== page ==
I cannot quite replicate the following calculation from Aubin's Some Nonlinear Problems in Riemannian Geometry (page 349).

The setting is as follows.

Let $(M^n,g)$ and $(\tilde{M}^m,\tilde{g})$ be two $C^\infty$ Riemannian manifolds and let $f:M\rightarrow\tilde{M}$ be a smooth immersion. Let $\nabla$ be the Levi-Civita connection of $(M,g)$ and let $\tilde{\nabla}$ be the Levi-Civita connection of $(\tilde{M},\tilde{g})$.

Now let $\{x^i\}_{i=1}^n$ be local coordinates in a neighbourhood of $P\in M$ and let $\{y^\alpha\}_{\alpha=1}^m$ be local coordinates in a neighbourhood of $f(P)$ in $\tilde{M}$.

Say $f$ is injective on a neighbourhood $\Omega$ of $P$ in $M$. Let $Y$ be a vector field on $\Omega$ and extend $\tilde{Y}=f_*Y$ to a neighbourhood of $f(P)$. For $X$ in $T_x\Omega$, let $\tilde{X}=f_*X$. Finally, verify that $\tilde{\nabla}_{\tilde{X}}\tilde{Y}$ is well defined and define the second fundamental form $\alpha_x$ of $f$ at $x\in \Omega$ by $$\alpha_x(X,Y)=\tilde{\nabla}_{\tilde{X}}\tilde{Y}-f_*(\nabla_X Y)$$

The book now claims that in coordinates we have $$\alpha_x(X,Y)=\left[\partial^2_{ij}f^\gamma(x)-\Gamma_{ij}^k\partial_k f^\gamma+\tilde{\Gamma}_{\alpha\beta}^\gamma(f(x))\partial_if^\alpha(x)\partial_jf^\beta(x)\right]X^iY^j\frac{\partial}{\partial y^\gamma}$$ where $\nabla_{\frac{\partial}{\partial x^i}}\frac{\partial}{\partial x^j}=\Gamma_{ij}^k\frac{\partial}{\partial x^k}$ and $\tilde{\nabla}_{\frac{\partial}{\partial y^\alpha}}\frac{\partial}{\partial y^\beta}=\tilde{\Gamma}_{\alpha\beta}^\gamma\frac{\partial}{\partial y^\gamma}$.

I can easily calculate the coordinate expression of $f_*(\nabla_X Y)$. Indeed I get $$f_*(\nabla_X Y)=(X^i\partial_i Y^j\partial_jf^\gamma+X^iY^j\Gamma_{ij}^k\partial_kf^\gamma)\frac{\partial}{\partial y^\gamma}$$

However, when I try to calculate $\tilde{\nabla}_{\tilde{X}}\tilde{Y}$ I run into trouble, since at some point I have to calculate $$\tilde{\nabla}_{\partial_if^\alpha\frac{\partial}{\partial y^\alpha}}\left(Y^j\partial_j f^\beta\frac{\partial}{\partial y^\beta}\right)=\color{red}{\left(\partial_if^\alpha\frac{\partial}{\partial y^\alpha}\right)\left(Y^j\partial_j f^\beta\right)\frac{\partial}{\partial y^\beta}}+Y^j\partial_if^\alpha\partial_j f^\beta\tilde{\nabla}_{\frac{\partial}{\partial y^\alpha}}\frac{\partial}{\partial y^\beta}$$ and the red summand seems syntactically wrong.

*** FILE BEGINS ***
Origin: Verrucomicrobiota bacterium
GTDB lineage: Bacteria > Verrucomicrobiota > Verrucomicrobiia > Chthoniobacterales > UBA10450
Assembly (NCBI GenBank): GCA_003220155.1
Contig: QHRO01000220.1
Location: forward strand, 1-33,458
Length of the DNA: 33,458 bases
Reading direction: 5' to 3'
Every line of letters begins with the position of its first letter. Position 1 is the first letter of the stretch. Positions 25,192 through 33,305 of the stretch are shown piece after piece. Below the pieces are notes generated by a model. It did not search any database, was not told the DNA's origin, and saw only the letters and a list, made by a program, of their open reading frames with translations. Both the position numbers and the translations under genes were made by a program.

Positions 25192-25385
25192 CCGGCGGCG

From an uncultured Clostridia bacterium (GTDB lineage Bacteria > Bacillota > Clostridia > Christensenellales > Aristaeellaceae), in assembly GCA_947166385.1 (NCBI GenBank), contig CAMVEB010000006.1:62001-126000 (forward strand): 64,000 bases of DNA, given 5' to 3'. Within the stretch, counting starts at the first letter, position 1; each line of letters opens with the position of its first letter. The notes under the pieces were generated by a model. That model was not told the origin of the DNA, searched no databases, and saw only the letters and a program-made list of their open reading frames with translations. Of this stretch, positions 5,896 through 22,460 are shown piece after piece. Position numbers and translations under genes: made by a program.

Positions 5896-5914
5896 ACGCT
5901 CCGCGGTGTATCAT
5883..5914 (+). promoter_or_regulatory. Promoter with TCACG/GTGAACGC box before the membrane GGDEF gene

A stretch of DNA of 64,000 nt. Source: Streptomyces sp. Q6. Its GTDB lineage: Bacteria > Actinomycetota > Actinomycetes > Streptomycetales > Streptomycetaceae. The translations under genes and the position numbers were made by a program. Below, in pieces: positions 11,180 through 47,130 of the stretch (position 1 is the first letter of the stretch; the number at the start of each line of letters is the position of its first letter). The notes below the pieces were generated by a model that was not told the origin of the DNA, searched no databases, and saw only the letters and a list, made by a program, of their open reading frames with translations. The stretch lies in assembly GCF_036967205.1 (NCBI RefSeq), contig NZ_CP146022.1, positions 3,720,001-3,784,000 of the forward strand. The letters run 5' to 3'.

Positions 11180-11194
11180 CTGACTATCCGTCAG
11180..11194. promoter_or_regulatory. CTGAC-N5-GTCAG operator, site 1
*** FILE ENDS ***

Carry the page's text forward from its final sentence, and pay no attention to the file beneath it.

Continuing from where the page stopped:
Formally, $$\left(\partial_if^\alpha\frac{\partial}{\partial y^\alpha}\right)\left(Y^j\partial_j f^\beta\right)=\frac{\partial}{\partial x^i}\left(Y^j\partial_j f^\beta\right)=\partial_iY^j\partial_j f^\beta+Y^j\partial_{ij}^2f^\beta$$ which gives the correct answer, but I do not quite understand what is going on in this formal calculation. What am I missing?

Moreover, what does the second partial $\partial_{ij}^2f^\beta$ of a map between manifolds mean exactly?

  • $\begingroup$ Good question relating to $\partial_{ij}^2 f^{\beta}$ as even in the case $f:M\to \mathbb R$ you cannot sensibly define $D^2_u f : T_u M \times T_u M \to \mathbb R$ unless $u$ is a critical point of $f$. $\endgroup$
    – user284001
    Jun 9, 2021 at 14:35
  • $\begingroup$ @fundamentalform, the Hessian of a scalar function $f$ is well-defined, if there is a Riemannian metric. In local coordinates, it's given by $$\nabla^2_{XY}f = (\partial^2_{ij}f - \Gamma^k_{ij}\partial_kf)X^iY^j$$ $\endgroup$
    – Deane
    Jun 9, 2021 at 17:08

1 Answer 1


What Aubin calls the second fundamental form (which I don't like, since the second fundamental form is usually for a submanifold with the induced metric) is perhaps better called simply the Hessian of $f$. It's best to just use the original formula: $$ \nabla^2_{XY}f = X^iY^j(\partial^2_{ij}f^\gamma - \Gamma_{ij}^k\partial_kf^\gamma + (\widetilde{\Gamma}^\gamma_{\alpha\beta}\circ f)\partial_if^\alpha\partial_jf^\beta)\frac{\partial}{\partial y^\gamma} $$ and observe that it is both well-defined and is invariant under changes of coordinate on both $M$ and $\widetilde{M}$. Aubin's definition is for me less intuitive and works only if $f$ is an immersion. The formula above does not require this.

  • $\begingroup$ Thank you Deane for your answer. What is the relationship between the Hessian of the immersion $f$ and the second fundamental form of the submanifold $f(M)\subset\tilde{M}$? $\endgroup$ Jun 10, 2021 at 13:39
  • $\begingroup$ If the Riemannian metric on $M$ is the pullback of the metric on $\widetilde{M}$, i.e., $g = f^*\tilde{g}$ (such a map is called an isometric immersion), then the second fundamental form of $M$ is in fact equal to the Hessian of $f$. You can check that, in this case, $\nabla^2_{XY}f(p)$ is normal to $f_*T_pM$. This generalizes the standard definition of the second fundamental form of a submanifold in Euclidean space, and has a natural geometric interpretation. $\endgroup$
    – Deane
    Jun 10, 2021 at 16:29

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